Mike wrote to the “Consult-Ant” with a number of questions about ants. I am going to try to answer each one in a separate post. For the original list of questions and links to all answers, visit here.
Question 1) I’m interested in the ant’s digestion process and its role in the colony. I’ve read that some ants, the fully mature ones that is, can’t digest solid food due to their narrow waists. So is it true that the ants would take the solid food back to the colony and give them to their larvae where, there, it is digested and converted into a liquid form? I’m guessing that the larvae have the enzymes to digest the solid food. But does this process apply to ALL ants in terms of species?
I actually tackled this topic to some extent in my post about ant larvae, but I’ll re-state some of the high points here.
Because the petiole is so narrow and constricted, ants do have a specialized digestive system. When an ant eats, the food goes into a special pouch called the infrabuccal pocket in its mouth, which acts like a food strainer. The infrabuccal pocket prevents large particles from continuing into the digestive system. Probably the size of the particle allowed through varies from species to species, but in the carpenter ant, Camponotus pennsylvanicus, particles larger than 100 microns are excluded from entering the alimentary canal . The liquid and tiniest particles that can move through the narrow petiole are sucked into a tube and pass through into a special reservoir in the gaster called the crop. The ant spits out the leftover bits that were too big to go through the food strainer. The rejected bits are called infrabuccal pellets.
Scientists have long known that the worker ants feed all solids to the larvae first for processing. The larvae were thought to chew up, swallow and predigest the food, using enzymes, as you guessed. The larvae then regurgitate it back to the workers to distribute throughout the colony.
Recently, however, researchers have shown that in one species of bigheaded ants (Pheidole) the workers actually place the food on the surface of the belly of the larvae in a special groove (larvae lay on their backs). The larvae spit out the enzymes onto the food, basically drooling on themselves. After a few hours, the workers come back and pick up the slime that results, feeding some of it to the larvae and taking some for themselves. According to videos of the larvae processing bits of fruit fly, the larvae very rarely sip any of the gooey liquid while the food is dissolving; they wait patiently until the food is done and let the worker ants feed them.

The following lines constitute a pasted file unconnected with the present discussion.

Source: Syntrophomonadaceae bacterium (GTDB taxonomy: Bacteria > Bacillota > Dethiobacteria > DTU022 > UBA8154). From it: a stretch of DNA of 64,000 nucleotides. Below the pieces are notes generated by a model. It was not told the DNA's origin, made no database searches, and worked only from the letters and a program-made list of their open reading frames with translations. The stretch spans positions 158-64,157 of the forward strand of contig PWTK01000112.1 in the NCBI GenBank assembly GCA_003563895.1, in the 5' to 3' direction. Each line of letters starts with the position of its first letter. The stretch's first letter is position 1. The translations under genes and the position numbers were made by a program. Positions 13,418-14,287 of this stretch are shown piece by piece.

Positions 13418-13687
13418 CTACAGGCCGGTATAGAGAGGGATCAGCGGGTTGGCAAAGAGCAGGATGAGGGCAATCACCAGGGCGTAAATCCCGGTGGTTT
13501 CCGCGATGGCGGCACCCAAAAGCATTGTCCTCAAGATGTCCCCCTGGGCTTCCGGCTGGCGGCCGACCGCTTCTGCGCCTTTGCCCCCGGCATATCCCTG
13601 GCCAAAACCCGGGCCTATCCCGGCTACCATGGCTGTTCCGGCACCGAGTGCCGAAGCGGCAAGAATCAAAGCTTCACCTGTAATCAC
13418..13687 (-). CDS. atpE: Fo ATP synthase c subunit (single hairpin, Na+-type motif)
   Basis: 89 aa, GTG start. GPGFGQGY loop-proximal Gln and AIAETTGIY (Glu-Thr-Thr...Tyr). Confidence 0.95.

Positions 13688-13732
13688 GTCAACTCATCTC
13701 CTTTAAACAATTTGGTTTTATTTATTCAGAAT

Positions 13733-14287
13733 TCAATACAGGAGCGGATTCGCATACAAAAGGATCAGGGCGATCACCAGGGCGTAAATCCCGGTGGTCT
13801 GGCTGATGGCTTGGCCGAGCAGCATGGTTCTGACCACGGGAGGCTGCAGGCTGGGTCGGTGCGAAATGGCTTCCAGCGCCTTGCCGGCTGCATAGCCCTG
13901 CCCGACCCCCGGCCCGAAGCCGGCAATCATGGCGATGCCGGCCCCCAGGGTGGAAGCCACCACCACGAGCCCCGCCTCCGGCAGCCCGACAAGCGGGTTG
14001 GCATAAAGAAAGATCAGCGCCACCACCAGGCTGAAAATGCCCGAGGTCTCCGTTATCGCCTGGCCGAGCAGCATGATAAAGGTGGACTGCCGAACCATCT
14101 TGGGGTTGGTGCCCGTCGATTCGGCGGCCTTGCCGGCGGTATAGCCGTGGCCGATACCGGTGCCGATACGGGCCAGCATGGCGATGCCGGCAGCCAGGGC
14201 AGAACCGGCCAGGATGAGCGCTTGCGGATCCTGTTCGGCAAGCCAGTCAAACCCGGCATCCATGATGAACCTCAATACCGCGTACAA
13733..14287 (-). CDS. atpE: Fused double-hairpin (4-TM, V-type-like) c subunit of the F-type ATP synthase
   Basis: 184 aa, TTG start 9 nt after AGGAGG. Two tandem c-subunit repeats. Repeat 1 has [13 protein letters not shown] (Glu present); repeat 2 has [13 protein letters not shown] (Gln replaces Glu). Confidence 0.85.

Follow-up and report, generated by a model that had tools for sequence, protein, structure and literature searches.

Probably the most surprising aspect of ant larvae is that not only do worker ants bring them food, but the larvae are often sources of food themselves. Certain species of ant larvae have special structures that allow the workers to access the internal body fluids (hemolymph), a sort of pump or “tap.”
The so-called Dracula ants take things a step further. These rare ants get their name from the fact that they cut holes in the sides of the larvae and suck out hemolymph. Although this sounds pretty gruesome, the larvae survive having holes bitten into them and later become workers themselves.
Another odd behavior of this group is that the workers carry the larvae to their food and place them on it, rather than carrying the food to the larvae, as most other ants do. For example, instead of cutting up a caterpillar or millepede into chunks and carrying it into the nest to feed the larvae, Dracula ants carry the larvae out to the caterpillar. Once they have fed, the larvae become food themselves.
If you think about it, the adult ant’s weird digestion system does work because adults don’t need a lot of protein for growth, they mainly need carbohydrates for energy. The same is true for some birds. The adult birds may drink sap or nectar, but feed protein-rich insects to their growing chicks.
Anyone else have anything to add?
Gotwald, W.H, Jr. 1969. Comparative morphological studies of the ants, with particular reference to the mouthparts (Hymenoptera: Formicidae). Cornell University Agricultural Experiment Station. Memoir 408.
Hansen, L. D., and J. H. Klotz. (2005). Carpenter ants of the United States and Canada. Ithaca, NY: Comstock Publishing Associates. This book has an excellent chapter on ant morphology.
Keiichi Masuko (1986). Larval Hemolymph Feeding: A Nondestructive Parental Cannibalism in the Primitive Ant Amblyopone silvestrii Wheeler (Hymenoptera: Formicidae). Behavioral Ecology and Sociobiology, Vol. 19, No. 4: 249-255
Keiichi Masuko (1989). Larval Hemolymph Feeding in the Ant Leptanilla japonica by Use of a Specialized Duct Organ, the “Larval Hemolymph Tap” (Hymenoptera: Formicidae). Behavioral Ecology and Sociobiology, Vol. 24, No. 2: 127-132
Keiichi Masuko (2008). Larval stenocephaly related to specialized feeding in the ant genera Amblyopone, Leptanilla and Myrmecina (Hymenoptera: Formicidae). Arthropod Structure & Development Volume 37, Issue 2: 109-117
D. L. Cassill, J. Butler, S. B. Vinson and D. E. Wheeler (2005). Cooperation during prey digestion between workers and larvae in the ant, Pheidole spadonia. Insectes Sociaux Volume 52, Number 4: 339-343.